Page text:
Skip to comments.Vanity: Question about Seismic activity
Posted on 10/01/2007 5:22:14 PM PDT by Blogger
Posted this question on another thread but had very little response. As I look at the ring of fire right now, there is a massive amount of activity, BIG activity in the Pacific ocean towards Asia. There is also a lot of activity in South America and a little in Central America. The only thing on my chart on the west coast that registered at 4.0 or above was a small quake in Oregon.
Question is, with all of these plates shifting, and the plates around our nation's plates staying pretty quiet, what is this doing to our risks of a massive release? The answer I received was that maybe a lot of these smaller ones are enough to relieve the pressure build up. Any seismologists or other earthquake experts out there?
No one knows. There is not enough historical data to empirically answer your query
My understanding is there is always “massive” activity on the ring of fire, that just goes with the subduction. The plates that form the two sides of the San Andreas fault are moving lateral to each other, not one under the other like most of the ring of fire. The San Andreas blows off a big quake every 150 years or so. The last big one along the SA fault in Northern California was the 06 San Francisco quake, and in Southern California it was the 1857 Fort Tejon quake.
California is due for a big one on the SA, regardless of what is going on around the Pacific.
Maybe the Three Gorges Dam is at fault. ;-D
I would not want to be in Memphis if the New Madrid fault has a happy day
I’m not an expert but I’ve been watching quakes online for about 8 years. It usually is more active on the eastern side of the Pacific. I don’t know why. Just something I’ve observed over the years. However, looking at that map, it does seem unusually quiet over here on the Western-Hesmisphere-side of the ring of fire. Especially Alaska. I don’t know what that means, either. Hope I helped. :)
“I would not want to be in Memphis if the New Madrid fault has a happy day”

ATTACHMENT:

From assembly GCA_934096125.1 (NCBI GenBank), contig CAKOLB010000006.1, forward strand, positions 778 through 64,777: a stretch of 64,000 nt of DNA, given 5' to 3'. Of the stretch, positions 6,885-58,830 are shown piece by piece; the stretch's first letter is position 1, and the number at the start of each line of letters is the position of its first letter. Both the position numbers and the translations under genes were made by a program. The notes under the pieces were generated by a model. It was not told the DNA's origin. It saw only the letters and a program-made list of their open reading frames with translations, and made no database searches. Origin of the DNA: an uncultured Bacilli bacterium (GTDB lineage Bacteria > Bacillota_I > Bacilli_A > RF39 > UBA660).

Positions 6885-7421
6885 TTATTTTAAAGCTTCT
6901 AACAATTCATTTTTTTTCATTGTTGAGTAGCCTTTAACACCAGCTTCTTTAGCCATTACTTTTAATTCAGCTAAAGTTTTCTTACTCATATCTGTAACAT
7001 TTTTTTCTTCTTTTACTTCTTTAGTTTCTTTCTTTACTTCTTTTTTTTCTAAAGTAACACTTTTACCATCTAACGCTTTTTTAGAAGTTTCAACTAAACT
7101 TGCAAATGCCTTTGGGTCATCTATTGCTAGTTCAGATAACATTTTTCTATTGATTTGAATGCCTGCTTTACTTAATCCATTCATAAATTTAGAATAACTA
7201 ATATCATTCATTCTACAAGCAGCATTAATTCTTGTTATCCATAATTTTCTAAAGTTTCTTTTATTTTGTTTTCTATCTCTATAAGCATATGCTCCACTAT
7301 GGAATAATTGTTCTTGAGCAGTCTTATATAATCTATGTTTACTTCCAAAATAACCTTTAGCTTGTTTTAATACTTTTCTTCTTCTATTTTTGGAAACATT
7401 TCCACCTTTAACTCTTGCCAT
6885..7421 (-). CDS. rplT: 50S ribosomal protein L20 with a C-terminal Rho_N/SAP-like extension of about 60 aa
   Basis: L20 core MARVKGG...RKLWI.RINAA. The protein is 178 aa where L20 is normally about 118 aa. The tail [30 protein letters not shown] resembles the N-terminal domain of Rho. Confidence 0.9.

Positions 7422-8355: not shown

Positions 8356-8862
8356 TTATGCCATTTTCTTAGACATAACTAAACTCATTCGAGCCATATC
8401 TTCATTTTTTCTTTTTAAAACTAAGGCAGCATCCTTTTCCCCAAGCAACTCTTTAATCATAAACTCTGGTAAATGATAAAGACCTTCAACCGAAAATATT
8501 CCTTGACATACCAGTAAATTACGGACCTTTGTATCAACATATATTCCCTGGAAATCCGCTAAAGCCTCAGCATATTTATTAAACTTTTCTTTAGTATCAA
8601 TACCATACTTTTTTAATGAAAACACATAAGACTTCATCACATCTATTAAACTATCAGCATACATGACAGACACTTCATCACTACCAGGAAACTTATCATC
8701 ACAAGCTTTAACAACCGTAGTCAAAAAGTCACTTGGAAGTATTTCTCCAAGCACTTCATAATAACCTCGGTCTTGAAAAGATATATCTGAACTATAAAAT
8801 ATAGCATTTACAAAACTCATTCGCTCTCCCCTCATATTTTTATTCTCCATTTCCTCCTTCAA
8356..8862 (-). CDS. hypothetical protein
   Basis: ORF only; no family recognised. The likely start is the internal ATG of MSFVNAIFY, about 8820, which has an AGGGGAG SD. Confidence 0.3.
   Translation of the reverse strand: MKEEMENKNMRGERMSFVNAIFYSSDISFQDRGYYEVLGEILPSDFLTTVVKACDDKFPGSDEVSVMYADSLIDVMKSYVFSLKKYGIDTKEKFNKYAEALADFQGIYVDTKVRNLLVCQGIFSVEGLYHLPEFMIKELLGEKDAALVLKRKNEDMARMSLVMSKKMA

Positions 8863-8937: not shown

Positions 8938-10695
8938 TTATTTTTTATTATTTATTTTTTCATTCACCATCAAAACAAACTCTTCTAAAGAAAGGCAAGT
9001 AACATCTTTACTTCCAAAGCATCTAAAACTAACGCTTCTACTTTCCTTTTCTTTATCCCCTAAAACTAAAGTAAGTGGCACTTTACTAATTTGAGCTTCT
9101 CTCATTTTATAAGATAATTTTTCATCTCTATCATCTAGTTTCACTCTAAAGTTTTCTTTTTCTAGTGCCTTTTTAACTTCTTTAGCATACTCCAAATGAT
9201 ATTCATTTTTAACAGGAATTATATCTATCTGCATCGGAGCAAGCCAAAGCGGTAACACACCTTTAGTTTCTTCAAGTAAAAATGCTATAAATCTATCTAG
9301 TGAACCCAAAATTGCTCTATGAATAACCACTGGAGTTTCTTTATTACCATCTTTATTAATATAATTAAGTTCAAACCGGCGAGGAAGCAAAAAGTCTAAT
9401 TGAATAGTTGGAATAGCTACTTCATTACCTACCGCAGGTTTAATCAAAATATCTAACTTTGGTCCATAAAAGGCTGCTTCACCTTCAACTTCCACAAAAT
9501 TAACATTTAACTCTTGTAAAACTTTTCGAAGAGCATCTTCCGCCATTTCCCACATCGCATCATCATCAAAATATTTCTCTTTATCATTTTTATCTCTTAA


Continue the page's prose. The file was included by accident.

I’m not sure I’d want to be ANYWHERE in Southwest Missouri if New Madrid cuts loose, much less Memphis.
Firstly, I am not a seismologist. However, I do have an opinion.
I think there is very little correlation to what is happening on the other side of the world. The scale is too immense.
The theory of stress release does work on a local level though.
It seems that the scale(richter) scale of these earthquakes is huge. Quite a few 7s or higher. Seems unusual, but I could be wrong.
Very interesting about 1857 Fort Tejon quake.
New Madrid is interesting. I’ve been watching that one a while and it is pretty quiet for something that blew so big in 1811.
Of course, there is the seismicity of Yosemite as well. But these are things that we don’t think of so much when we think American earthquakes. We tend to think West Coast. And it has been oddly quiet.
I’m about 70 miles NW of New Madrid. All of my immediate family lives somewhere along the New Madrid fault.
Once you start looking at that stuff daily for years you realize it pretty much always looks like that.
I've noticed when people START looking at global seismic maps they really astonished at the level of activity. Also there's greater news coverage of worldwide quakes.
Not nearly as much as people think. Each whole number of magnitude is about 32 times more energy release.
The overwhelming majority of worldwide seismic stress is released in massive earthquakes. All the little quakes DON'T really add up.
For example, in Southern California it would take over 30,000 magnitude 4 quakes to release the same stress as a damaging magnitude 7 quake. So while people may comfort themselves when a 4.0 occurs there that "at least it's releasing stress" really it's irrelevant.
even the 7 & 8 pointers?
There have been 12 Mag 7+ quakes worldwide this year; in an average year, there are 18 such quakes. So, actually, we're a hair BELOW average in the number of such quakes.
However, there is on average 1 Mag 8+ quake a year, and we've had 3 already, so that number is above average. It's not a record for the number of such quakes.
There was an interesting article in a scientific journal a few years ago that showed some tentative evidence that there were decadal-scale cycles in subduction quakes vs. large strike-slip quakes (like the San Andreas)- almost all the 8+ quakes are subduction ones so you'd ger more of the REALLY big quakes in the subduction cycles, which we'd appear to be in now, if such a thing does exist.
There's certainly been no statistically glaring increase in large quakes, though.
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